Refinancing Precautions

There are several reasons for an individual to consider refinancing a loan, many of which are discussed below. You should, however, take precaution and consider the pros and cons involved in every circumstance so that you stay well informed. Educating yourself in this way can save you from possible financial missteps and ultimately save you money.

  • Converting an adjustable rate mortgage (ARM) to a fixed-rate mortgage or vice-versa

Rising interest rates can be a determining factor for switching from an ARM to a fixed-rate loan. If you initially settled on an ARM, but you begin to see a steady incline in interest rates it may benefit you to convert to a fixed-rate loan, particularly if you intend to live in your home for several more years.


On the other hand, if you initially began with a fixed-rate mortgage and plan to move within a couple of years, you may be able to find a lender who is willing to offer you a dramatic interest rate savings with an ARM, keeping in mind that the interest rate can change after a set interval of time (usually set at a year).

In either case, it is important to consider what the closing costs would be, which lenders offer the best interest rates available, and whether the savings in interest rates outweigh the closing costs.

  • Paying off high-interest loans

Being stuck paying a mortgage on a high-interest loan can really bring on a sense of hopelessness. So little of your monthly payment, initially, goes toward the principle that it seems impossible to build equity in your property. This is when it behooves you to look closely and take advantage of a buyer’s market. A lender who will pay off that high-interest loan and offer you a significantly lower rate of interest will be exactly what you need to shop for. It is important to consider the difference between current interest rates and the rate of your original loan. Does the amount of time it will take to recoup the costs of refinancing make refinancing worth it? Evaluate your response… especially if you want to sell your home in the near future.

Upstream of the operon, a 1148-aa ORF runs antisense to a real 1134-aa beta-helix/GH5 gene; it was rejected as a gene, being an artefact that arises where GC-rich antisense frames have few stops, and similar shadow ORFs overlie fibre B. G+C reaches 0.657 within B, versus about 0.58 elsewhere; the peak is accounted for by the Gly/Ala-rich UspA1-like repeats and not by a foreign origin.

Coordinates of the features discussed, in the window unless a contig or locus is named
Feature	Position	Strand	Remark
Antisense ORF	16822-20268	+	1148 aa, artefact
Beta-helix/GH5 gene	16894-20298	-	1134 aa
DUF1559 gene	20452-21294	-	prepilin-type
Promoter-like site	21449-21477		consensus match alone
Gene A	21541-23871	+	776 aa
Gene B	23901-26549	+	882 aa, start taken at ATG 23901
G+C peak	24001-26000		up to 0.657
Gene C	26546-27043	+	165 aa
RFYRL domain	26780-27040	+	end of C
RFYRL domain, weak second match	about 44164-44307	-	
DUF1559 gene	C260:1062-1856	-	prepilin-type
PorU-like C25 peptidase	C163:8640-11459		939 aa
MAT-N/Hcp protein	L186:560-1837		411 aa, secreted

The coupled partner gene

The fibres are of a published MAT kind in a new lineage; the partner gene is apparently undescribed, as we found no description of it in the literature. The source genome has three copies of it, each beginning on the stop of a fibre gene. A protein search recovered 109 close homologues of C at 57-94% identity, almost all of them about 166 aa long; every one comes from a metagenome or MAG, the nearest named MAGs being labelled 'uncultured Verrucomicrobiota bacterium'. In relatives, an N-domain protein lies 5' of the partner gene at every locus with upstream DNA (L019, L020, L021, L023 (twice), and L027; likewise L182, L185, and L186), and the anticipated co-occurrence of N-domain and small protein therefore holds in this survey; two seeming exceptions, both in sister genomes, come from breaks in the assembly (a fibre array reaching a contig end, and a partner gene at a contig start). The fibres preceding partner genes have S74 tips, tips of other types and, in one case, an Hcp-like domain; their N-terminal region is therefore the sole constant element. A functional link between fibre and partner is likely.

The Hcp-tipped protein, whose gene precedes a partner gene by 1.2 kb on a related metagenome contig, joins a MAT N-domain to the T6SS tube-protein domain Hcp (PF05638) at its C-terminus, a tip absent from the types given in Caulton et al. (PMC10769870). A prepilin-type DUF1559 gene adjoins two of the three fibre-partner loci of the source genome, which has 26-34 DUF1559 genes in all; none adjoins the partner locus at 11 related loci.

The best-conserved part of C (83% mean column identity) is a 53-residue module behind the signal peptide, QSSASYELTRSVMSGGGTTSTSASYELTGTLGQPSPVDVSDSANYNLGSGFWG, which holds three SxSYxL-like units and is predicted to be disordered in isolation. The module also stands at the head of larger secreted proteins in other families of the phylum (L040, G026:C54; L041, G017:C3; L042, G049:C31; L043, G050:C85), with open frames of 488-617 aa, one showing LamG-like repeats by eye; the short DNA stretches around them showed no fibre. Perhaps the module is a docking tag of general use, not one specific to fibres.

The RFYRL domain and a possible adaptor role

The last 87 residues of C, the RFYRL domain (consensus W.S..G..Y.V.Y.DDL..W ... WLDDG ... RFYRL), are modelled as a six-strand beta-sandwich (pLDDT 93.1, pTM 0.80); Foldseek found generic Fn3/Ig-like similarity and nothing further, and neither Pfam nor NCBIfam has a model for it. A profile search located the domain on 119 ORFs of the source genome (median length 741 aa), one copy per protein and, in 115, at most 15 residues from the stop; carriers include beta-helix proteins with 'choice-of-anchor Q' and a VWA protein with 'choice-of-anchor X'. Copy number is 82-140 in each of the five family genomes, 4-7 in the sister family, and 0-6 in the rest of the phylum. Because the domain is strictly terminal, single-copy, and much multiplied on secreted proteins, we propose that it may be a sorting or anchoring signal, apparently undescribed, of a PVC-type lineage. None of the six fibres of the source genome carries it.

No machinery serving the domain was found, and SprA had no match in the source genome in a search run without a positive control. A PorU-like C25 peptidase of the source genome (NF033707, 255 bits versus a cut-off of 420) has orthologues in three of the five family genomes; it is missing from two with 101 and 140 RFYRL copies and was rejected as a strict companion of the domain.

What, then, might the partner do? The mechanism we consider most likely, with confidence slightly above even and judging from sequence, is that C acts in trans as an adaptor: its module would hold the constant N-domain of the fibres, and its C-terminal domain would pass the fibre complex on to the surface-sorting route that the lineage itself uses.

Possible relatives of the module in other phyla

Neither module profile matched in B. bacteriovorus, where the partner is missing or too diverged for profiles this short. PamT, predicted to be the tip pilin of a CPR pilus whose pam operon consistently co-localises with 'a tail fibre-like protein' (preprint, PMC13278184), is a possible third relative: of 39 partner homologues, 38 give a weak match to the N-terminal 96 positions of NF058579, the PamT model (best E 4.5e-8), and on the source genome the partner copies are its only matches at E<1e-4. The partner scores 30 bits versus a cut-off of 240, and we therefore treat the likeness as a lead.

• Lowering monthly mortgage rates

Sometimes, through unforeseen circumstances, the motivation for refinancing is to reduce monthly payments on a loan. Although it is not a move that is often encouraged, it is sometimes necessary. If you find yourself in this situation, make sure you are asking several lenders for their best offers on interest rates… the lower, the better. Lowering your monthly payments may mean that you also need to make your loan for 30 years instead of what may have originally been a 15 year mortgage. This can be helpful in reducing your monthly payments, but will eventually cost more for you by the end of your mortgage period. Again, check with each lender to work out the least expensive closing costs on your new loan.

  • Raising cash for family expenses (i.e. College tuition, or home improvements)

If you’ve built enough equity, you can refinance in order to take cash out of the property. Perhaps you need money to pay off your credit cards, add a new bathroom, or cover the costs of braces for a child. Despite the reason, lenders will typically allow you to borrow against the equity you’ve built in your house, plus appreciation (often up to 75 percent of the current appraised value). These types of loans are also called home equity loans.